Is Marriage Really an Illustration of Christ and the Church? This could TOTALLY be an Equally Yoked post, only Rachel got it first. It’s a great, in-depth post about Christian marriage.
I once believed that God intended my marriage to be a picture or illustration of Christ’s relationship with the church—a shining beacon of godly headship and submission for all the world to see. I somehow never felt that my own marriage was adequately living up to this ideal, though. Perhaps it was because what we actually had in practice was a marriage of two best friends and companions—but the ideal still lived in my mind as something to strive for, and something we were inexplicably falling short of…
Later in my marriage, when I began re-examining many doctrines I had been taught, the idea became more and more troubling. If Paul is really saying that marriages illustrate Christ’s authority over the church and the church’s obedience to Him, this has serious implications. I have heard preachers say that when non-believers look at the leadership of husbands and the submission of wives, they will see the beauty of Christ’s relationship with the church and be drawn to Christianity. I have heard teachings that a marriage will only properly illustrate Christ’s relationship with the church when the husband steps fully into his leadership role and the wife responds by joyfully placing herself under his authority. But the idea of husbands and wives as best friends and companions is essentially in conflict with this notion. A kind of friendship may be had between an authority figure and a subordinate, but not the mutual closeness and intimate, reciprocal trust that people call “best friendship”… (and) Non-Christians are hardly drawn to Christianity by this picture–they are often frankly disgusted.
When I was told to “dream big” but instead I failed big. How much do I love my friend Connie Jakab? A LOT. This post is yet another illustration of why.
I once was one who dreamed; a visionary with a heart full of faith. I remember a time at a youth convention in Kamloops, being called out onto the stage by a great leader who spoke over my life in front of over 3000 people: “Dream big woman of God.” I was moved in my spirit and felt like a champion. I had many other similar experiences on different occasions, calling me out, proclaiming over my life that I would walk in greatness. It actually became rare to not hear this things.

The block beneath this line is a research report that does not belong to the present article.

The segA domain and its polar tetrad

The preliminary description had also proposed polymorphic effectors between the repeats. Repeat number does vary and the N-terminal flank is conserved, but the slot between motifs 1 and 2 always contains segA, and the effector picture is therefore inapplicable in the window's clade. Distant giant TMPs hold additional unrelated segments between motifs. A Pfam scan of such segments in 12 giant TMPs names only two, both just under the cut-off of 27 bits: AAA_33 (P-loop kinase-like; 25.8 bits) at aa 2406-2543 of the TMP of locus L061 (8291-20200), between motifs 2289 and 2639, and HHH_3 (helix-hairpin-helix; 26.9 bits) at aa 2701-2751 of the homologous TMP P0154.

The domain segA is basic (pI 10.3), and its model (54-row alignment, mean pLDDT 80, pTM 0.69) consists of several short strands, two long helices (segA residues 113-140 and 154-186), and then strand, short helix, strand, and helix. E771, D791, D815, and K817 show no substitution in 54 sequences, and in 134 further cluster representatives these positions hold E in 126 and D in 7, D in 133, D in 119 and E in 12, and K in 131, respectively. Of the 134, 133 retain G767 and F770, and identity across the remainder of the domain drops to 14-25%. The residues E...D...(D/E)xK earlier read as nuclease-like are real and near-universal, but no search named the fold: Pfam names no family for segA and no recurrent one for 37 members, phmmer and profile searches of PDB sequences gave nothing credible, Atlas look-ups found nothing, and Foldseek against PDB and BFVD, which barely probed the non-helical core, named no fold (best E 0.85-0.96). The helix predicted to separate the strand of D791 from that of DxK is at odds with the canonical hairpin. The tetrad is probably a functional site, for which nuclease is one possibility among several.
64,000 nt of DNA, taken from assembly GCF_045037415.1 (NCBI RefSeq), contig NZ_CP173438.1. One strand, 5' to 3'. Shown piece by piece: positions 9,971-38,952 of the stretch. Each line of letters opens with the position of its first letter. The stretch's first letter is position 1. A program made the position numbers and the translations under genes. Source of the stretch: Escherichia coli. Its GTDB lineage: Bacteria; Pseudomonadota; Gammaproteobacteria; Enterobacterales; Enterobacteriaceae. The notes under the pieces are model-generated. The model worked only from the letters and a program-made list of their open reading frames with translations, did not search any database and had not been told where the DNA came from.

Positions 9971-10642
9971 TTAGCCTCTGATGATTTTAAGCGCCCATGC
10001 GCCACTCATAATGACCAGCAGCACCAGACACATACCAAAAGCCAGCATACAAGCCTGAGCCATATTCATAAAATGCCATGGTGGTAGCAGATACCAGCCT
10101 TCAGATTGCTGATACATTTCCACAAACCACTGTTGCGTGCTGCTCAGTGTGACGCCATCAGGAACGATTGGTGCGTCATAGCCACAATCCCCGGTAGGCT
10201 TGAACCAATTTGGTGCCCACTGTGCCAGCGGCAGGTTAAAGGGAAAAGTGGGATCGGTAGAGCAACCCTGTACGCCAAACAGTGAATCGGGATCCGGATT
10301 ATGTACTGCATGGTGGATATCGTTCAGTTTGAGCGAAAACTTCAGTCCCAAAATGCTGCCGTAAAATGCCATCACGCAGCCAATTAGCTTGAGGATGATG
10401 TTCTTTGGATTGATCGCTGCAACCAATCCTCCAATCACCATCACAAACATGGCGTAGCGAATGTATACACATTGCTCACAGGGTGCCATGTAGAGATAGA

What happened? Everything I “dreamed” crashed. I was moved to a new city with a new born resulting in isolation. The business I had birthed from the ground up with blood, sweat and tears crumbled. My father had passed away, my mom re-married.
Everything I knew and loved was taken.
I found myself continually scoffing at the word, “dream.” I had a “Been there, done that, got the T-shirt…” kind of attitude. I’ve found myself pouting with a whiny heart; “What about ME God? When do you plan on releasing ME?” I would wait. What was I waiting for? For my “time”? For “success” to come?
Ridiculous, because I discovered quickly that it’s not about me…
Defining “Evangelical”: Why It’s Necessary and Impossible This article is long, but worth the read, especially if you ponder things like the trajectory of the church in America.
As anyone who has come here frequently and long knows, there is a huge struggle over the meaning of “evangelical.” Many evangelical spokespersons and leaders desperately want to define it by putting their preferred boundaries around it so that they can control public perception of it…
A few years ago a group of influential evangelical scholars began a several years long project to define “evangelical.” I attended some of their sessions and was at the final one where it became clear that there was no working consensus about the matter. Frustration filled the room. Why couldn’t a diverse group of evangelical scholars come to agreement about what the term means? The urgency was fueled, I believe, by the fact that many people who in times past would have called themselves “fundamentalists” were attempting to shift the center of the evangelical spectrum far to the right and even truncate the spectrum to exclude many individuals and organizations that they considered “doctrinally compromised” or “theologically liberal” (which almost always meant “influenced by neo-orthodoxy”). The session dragged on, tensions rose, there was a general feeling (I sensed, anyway) of disappointment. Then, a Lutheran scholar who had written on evangelicalism and evangelical theology stood at the very back of the room and said “I suggest that an ‘evangelical’ is anyone who loves Billy Graham’.” The room broke out in applause!
From the archives: We are the Pharisees
Pharisees get a bad rap.
I know, I know–there’s that whole “brood of vipers,” “conspiring to kill Jesus” thing. Not their brightest moments. But did you know that several of Jesus’ followers, and many, many members of the early church, were Pharisees? At the crucifixion, all but one of Jesus’ male disciples ran off–it was left to two soft-hearted Pharisees to collect and bury Jesus’ body while young John and The Women looked on and mourned.
Before we write Pharisees off as small-minded legalists, we should probably try to understand where they were coming from. Because they have something important to teach us. Even Jesus admitted that.
Monday’s Equally Yoked post is from Jenn LeBow.
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So, what have you been reading this week?